Township of The Archipelago Forest Health
Environment - Forests
  1. altIntroduction
  2. Township of The Archipelago Forest Health Reports
  3. Trees of the Township of The Archipelago
  4. Forest Regions & Common Stressors of the Township of The Archipelago
  5. Common Forest Pests Present in The Archipelago
  6. Common Forest Pests Potential in The Archipelago
  7. Forest Best Management Practices
  8. Links & Resources

Introduction

There are concerns over a range of invasive forest pests threatening our local forests including the emerald ash borer, Asian long-horned beetle, beech bark disease, and hemlock wooly adelgid. This webpage provides an overview of the trees, forest regions, and forest pests in the Parry Sound-Muskoka area, as well as pests that might arrive in the near future. Where possible, control measures and references (for further reading) have also been provided. Since many of these pests arrive from southern Ontario, and some are at risk of spreading north from this region, the best practice for residents and cottagers is to not bring/move firewood, skids, and wood products.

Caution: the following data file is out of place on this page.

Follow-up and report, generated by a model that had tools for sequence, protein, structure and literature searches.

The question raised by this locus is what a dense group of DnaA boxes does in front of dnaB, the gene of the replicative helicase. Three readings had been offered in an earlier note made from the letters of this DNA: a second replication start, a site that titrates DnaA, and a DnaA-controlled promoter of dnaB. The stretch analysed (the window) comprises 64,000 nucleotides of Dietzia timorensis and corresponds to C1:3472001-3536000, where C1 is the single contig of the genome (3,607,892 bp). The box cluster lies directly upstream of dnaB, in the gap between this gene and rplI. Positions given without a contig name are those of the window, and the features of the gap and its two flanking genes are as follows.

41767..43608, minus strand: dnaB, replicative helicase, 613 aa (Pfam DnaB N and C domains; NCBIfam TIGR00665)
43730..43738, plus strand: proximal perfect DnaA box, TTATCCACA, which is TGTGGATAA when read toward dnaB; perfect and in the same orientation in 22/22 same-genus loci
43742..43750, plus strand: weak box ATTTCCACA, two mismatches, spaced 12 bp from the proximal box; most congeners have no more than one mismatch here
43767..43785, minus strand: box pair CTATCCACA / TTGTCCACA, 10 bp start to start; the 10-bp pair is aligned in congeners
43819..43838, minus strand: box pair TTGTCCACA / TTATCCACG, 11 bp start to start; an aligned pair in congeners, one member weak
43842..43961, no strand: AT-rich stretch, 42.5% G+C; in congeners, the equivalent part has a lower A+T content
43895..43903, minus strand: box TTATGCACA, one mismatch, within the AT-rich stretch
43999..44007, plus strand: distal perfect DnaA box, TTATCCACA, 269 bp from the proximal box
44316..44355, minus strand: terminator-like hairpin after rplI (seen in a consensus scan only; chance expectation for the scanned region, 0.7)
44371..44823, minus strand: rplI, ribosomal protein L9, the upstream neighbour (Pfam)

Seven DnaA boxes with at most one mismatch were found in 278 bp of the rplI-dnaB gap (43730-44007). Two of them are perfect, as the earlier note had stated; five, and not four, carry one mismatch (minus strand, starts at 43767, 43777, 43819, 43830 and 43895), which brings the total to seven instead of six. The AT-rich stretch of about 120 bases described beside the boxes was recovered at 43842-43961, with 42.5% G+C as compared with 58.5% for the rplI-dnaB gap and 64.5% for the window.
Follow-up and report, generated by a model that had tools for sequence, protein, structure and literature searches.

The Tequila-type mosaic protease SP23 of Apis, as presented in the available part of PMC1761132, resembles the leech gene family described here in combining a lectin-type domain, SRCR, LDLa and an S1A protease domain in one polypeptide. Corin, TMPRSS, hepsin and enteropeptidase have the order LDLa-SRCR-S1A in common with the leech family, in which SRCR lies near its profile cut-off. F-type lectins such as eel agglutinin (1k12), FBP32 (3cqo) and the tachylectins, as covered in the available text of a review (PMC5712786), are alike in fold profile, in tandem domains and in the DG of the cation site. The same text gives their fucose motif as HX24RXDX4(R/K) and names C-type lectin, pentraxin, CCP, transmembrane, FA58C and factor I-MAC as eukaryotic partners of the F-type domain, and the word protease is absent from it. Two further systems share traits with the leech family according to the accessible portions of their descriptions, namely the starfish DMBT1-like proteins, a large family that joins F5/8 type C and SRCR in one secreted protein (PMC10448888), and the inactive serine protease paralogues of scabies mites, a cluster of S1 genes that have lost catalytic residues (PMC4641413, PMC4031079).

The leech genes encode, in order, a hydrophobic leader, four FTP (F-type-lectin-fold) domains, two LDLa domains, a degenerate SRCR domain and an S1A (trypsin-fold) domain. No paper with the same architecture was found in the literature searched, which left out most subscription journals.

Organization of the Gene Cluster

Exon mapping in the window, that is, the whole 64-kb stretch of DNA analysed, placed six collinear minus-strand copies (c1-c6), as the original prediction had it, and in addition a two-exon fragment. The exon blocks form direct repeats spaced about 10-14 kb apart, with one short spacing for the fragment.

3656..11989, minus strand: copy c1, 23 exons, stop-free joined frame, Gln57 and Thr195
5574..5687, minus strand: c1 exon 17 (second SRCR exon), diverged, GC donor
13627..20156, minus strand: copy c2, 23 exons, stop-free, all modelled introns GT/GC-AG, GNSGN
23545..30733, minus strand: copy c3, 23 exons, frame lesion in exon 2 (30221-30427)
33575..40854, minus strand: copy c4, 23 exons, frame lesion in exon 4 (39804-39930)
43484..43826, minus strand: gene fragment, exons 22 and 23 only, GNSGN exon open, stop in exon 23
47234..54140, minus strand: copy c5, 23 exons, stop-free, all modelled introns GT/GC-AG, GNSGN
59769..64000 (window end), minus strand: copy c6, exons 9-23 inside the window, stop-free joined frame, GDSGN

Township of the Archipelago -€“ Forest Health Documents



Trees and Forests of the Township of The Archipelago

In order to identify forest pests we need to have a solid understand of what trees and forests types are typically present. Local information about the types of trees and forest conditions can be found in the €œTownship of The Archipelago€™s Caring For Property€ document, which outlines 13 Forest Zones with the prefix €˜N€™ assigned to the north half of the Township (Harrison & Shawanaga) and €˜S€™ assigned to the south half (Cowper & Conger). This information is provided to assist residents and cottagers to identify the types of tree species on your property, as well as any associated potential stresses (e.g. pests). This in turn will allow you to make more informed decisions as to whether there are best practices and/or measures you can take to help maintain the health of your trees/forests.

Common Forest Concerns Present in The Archipelago

The following pests are known to occur in the Parry Sound-Muskoka area based on confirmed reportings.

Pest Summary

Identification

Distribution

Best Practices & Controls